How should you respond to the success of the gay agenda? Should you accept the recent trend toward tolerance? Or should you side with those who exclude homosexuals with hostility and disdain?

In reality, the Bible calls for a balance between what some people think are two opposing reactions—condemnation and compassion. Really, the two together are essential elements of biblical love, and that’s something the homosexual sinner desperately needs.

We are to love our neighbor as ourselves, through Jesus and embracing God’s will. It is not God’s will to accept homosexuality as a loving part of a person. It’s a sin. It is loving to share the news that one can be forgiven of this sin and released from bondage to satan through it. It’s the same with any besetting or occasional sin one commits. We can be forgiven if we repent. Loving a person but leaving them in their sin is only half the story- and it’s not love, it’s hate.


Further resources


What does the Bible say about homosexuality?

Thinking biblically about homosexuality


Posted in prophecy, Uncategorized

Ex-Wham! singer George Michael dead

At age 53, on Christmas day afternoon, it appears that George Michael has died “peacefully at his home”. Fox News, BBC, UK Mirror, Business Insider confirm. Here is TMZ

George Michael passed away at his home in England at the age of 53 … his rep confirms.

A rep for the pop star says, “It is with great sadness that we can confirm our beloved son, brother and friend George passed away peacefully at home over the Christmas period.”

Details surrounding Michael’s death have not been released. Police say there’s nothing suspicious about the death, according to the BBC. George was a music legend — and sold more than 100 MILLION albums during his career. Michael launched his career with WHAM! in the ’80s — churning out hits like “Wake Me Up Before You Go-Go” and “Careless Whisper.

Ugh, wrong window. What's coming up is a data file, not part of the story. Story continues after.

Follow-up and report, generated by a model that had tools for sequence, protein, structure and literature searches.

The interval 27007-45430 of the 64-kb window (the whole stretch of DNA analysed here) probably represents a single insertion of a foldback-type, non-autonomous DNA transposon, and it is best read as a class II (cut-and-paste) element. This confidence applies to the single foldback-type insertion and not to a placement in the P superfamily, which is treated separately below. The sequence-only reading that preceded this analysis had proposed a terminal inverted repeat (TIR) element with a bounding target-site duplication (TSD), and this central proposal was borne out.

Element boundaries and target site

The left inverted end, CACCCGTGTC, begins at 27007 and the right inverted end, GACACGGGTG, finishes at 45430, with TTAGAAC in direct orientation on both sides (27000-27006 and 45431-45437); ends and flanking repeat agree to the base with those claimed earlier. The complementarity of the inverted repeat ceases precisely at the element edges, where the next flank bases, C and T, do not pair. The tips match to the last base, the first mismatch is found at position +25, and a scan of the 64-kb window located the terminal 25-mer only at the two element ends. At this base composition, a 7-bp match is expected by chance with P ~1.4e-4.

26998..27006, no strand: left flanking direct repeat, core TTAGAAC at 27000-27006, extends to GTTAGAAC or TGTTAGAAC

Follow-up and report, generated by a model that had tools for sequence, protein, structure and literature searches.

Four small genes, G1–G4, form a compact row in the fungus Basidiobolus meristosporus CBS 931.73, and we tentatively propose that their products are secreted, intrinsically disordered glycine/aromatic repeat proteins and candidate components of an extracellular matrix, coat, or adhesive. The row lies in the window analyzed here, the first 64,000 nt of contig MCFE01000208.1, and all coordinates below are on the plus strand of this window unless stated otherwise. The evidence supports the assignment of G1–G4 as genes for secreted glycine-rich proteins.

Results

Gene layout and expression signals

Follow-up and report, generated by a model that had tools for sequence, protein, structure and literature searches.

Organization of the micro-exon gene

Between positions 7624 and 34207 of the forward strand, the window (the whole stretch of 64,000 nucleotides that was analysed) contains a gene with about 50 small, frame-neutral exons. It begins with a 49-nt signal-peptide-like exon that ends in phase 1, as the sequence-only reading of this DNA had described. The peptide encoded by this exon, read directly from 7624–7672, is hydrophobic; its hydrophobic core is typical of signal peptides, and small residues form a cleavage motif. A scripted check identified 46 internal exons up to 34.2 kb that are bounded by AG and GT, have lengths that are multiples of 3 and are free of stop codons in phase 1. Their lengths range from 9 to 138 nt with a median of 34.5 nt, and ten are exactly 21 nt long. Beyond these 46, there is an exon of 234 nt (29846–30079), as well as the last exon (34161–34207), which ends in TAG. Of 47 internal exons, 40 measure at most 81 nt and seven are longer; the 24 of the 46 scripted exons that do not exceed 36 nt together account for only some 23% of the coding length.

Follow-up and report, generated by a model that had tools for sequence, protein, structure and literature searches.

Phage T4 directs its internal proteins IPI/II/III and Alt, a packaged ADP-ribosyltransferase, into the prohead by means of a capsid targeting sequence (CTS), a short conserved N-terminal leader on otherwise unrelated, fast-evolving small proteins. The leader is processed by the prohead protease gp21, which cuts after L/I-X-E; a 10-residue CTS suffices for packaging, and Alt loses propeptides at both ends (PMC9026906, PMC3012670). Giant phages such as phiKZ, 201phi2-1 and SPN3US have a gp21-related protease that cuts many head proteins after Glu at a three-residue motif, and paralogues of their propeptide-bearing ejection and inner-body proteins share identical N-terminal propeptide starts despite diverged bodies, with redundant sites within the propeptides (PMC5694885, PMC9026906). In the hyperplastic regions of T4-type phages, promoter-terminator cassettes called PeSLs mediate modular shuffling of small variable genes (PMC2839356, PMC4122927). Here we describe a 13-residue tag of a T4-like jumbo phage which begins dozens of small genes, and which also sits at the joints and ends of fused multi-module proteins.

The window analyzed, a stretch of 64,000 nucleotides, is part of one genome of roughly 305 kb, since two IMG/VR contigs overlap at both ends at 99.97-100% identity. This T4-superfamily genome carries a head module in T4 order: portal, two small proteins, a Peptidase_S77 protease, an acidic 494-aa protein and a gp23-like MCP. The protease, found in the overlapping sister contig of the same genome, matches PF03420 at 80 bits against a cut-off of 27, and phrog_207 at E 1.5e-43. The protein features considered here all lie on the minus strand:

The immediate thought whenever a celebrity or local person dies, is always, ‘I wonder if they are surprised at their eternity’. Either way, whether the person died in their sin or they died in Jesus, the fact of their eternity becomes real one second after breath expires, and is a billion times worse, or a billion times better, than he could ever conceive while on earth.

I have a connection to George Michael. I’m 56 years old, three years older than he was, and grew up on his songs. I wasn’t saved until I was in my forties, so I enjoyed pop songs with all the range of lyrics from sweet to profane, for half my adult life. I liked Wham! and I liked George Michael’s songs.

But even more than that, music is so forceful especially when you’re a teen and young adult. The lyrics feel almost alive, embedding themselves into one’s brain and heart to settle intimately with the very sinews and tendons of the body, becoming part of us in ways that other leisure activities do not. You hear a certain song, it immediately takes you back, you’re swallowed in a memory with all its smells, feelings, and sensations as if it occurred a moment ago. At Psychology Today the question is asked,

Why Do the Songs from Your Past Evoke Such Vivid Memories?

We all know the power of an old song to trigger vivid memories that seem to transport us back in time and space. What songs bring back emotional memories from your past? The songs we love become woven into a neural tapestry entwined with the people, seasons, and locations throughout our lifespan. What is the neuroscience behind the ability of music to evoke such strong memories of the people and places from our past?

The discovery may help to explain why music can elicit strong responses from people with Alzheimer’s disease, said the study’s author, Petr Janata, associate professor of psychology at UC Davis’ Center for Mind and Brain. The hub that music activated is located in the medial prefrontal cortex region—right behind the forehead—and one of the last areas of the brain to atrophy over the course of Alzheimer’s disease.